BEING ALIVE IS THE MEANING

We watched the needle fall,
miles correlating with the
liquid in our tank.
We moved ourselves through
so many state lines,
we forgot time.

Highways laced through
impeccable fields, indigo
ponds nested within tall grass.
We counted license plates,
saying “You’re far from home!”

Our bodies didn’t ask for much,
we ate Airheads and Starbursts,
skipping lunch.

We learned that water is essential.
Water is where the people are –
Madison, Minneapolis or Montana.

Lake-life is alive even in land-locked
states.

Seven days of sight-seeing.
They told me the middle would be boring.
I swear I loved it all.

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Driving through beautiful Montana

AN EDUCATION

(I wrote this poem about two years ago, when I was unemployed after college. Now I’m about to be voluntarily unemployed. How much life can change in so little time. I am learning now what is essential to my happiness, my wholeness. And it absolutely means simplicity.)

Our fruit baskets are not empty.
My shelf is filled (so is hers).
Our tiny fridge is clumsy with
tissue-thin bags of produce.

After breakfast, I’ll cover my
body in lavender suds.
And comb my thick, soft hair.

Some things can’t be measured.
I’m like a housewife without a
husband, when I only want
to be fitted for an office chair.

Today, I’ll hang the lace curtains,
write four cover letters,
make three square meals,
sweep the hall,
brush the rectangular edge of my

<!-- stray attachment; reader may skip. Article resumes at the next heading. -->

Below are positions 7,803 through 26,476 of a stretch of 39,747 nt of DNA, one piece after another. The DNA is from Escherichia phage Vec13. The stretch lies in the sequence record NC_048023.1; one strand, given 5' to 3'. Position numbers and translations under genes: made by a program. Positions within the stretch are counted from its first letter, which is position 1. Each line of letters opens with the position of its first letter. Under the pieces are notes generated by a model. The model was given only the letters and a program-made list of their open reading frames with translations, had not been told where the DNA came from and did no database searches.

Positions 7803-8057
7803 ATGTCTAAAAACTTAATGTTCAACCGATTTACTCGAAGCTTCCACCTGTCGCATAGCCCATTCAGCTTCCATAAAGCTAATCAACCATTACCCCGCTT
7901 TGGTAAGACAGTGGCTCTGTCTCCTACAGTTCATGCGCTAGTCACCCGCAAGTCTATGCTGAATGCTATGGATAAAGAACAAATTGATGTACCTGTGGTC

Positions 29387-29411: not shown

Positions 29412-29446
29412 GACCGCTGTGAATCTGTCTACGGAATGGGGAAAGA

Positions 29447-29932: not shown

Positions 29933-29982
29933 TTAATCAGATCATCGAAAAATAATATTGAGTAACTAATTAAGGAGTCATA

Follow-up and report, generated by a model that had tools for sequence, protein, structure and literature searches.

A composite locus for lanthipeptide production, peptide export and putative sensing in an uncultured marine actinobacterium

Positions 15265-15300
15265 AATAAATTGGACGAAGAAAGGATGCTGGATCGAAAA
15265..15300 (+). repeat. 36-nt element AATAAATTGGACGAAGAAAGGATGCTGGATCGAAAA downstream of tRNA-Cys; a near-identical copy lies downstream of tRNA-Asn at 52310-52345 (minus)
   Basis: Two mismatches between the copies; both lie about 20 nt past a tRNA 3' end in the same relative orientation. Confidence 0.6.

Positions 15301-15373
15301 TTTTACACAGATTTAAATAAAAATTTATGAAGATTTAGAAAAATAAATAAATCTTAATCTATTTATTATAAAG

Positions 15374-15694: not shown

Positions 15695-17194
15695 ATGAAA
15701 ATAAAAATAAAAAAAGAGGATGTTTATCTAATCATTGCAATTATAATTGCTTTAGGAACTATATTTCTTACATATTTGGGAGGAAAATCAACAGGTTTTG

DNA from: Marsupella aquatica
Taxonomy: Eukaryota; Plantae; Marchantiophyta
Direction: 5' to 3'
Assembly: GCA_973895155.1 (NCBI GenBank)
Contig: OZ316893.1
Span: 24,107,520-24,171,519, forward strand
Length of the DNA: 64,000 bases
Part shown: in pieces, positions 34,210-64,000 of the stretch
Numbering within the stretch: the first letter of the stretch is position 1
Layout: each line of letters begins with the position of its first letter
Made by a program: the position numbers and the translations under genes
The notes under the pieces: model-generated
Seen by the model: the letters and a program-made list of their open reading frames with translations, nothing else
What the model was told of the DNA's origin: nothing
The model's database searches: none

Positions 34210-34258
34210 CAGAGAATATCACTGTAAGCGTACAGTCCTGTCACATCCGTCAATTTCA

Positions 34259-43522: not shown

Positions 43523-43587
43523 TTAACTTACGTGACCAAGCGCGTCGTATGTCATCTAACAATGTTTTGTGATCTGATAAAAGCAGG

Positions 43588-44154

nightstand with mustard paint.

No paycheck, but my diploma is
in the mail. I’m good for it.

IT’S ALMOST TIME TO LEAVE

When Angie comes around,
I know it’s almost time to leave.

She crinkles her nose at me
when I’ve got fifty tabs open
in a browser, while she shimmies
behind my chair to collect
my plastic bag of paper & lemon peels.

Go home, she insists playfully with a gesture
at an invisible watch on her wrist.

She shows me pictures from her
native land with a longing I admire.
Live to work here, she says, No
way to live.

Angie sees everything, knows everything.
Quiet observer, kindest heart.

Today, I told her that I’m leaving.
No, she said. And then she said it again.

And then: I won’t see you anymore?
She sighed & kissed me on the forehead.

SIDEWALK CLOSED

Giant square holes
of missing earth
Caramel mud

And the great striped
barrel of the cement truck

Painted like a carnival
sliding liquid armor
into the ground

stopping traffic
starting anew

COMFORT

Spring onions
[ little but mighty ]
dance around in
a Friday evening pan
& press their tangy scent
through screened windows
in Queen Village.

Volvo-owning dads
mirror-shine their autos
with microfiber
cloths & load hatchbacks
with camping equipment.

I walk through it all,
like an open air museum.
Grilled burgers & Turtle Wax,
basil clippings from the window
box.

Society hill

Society Hill, Philadelphia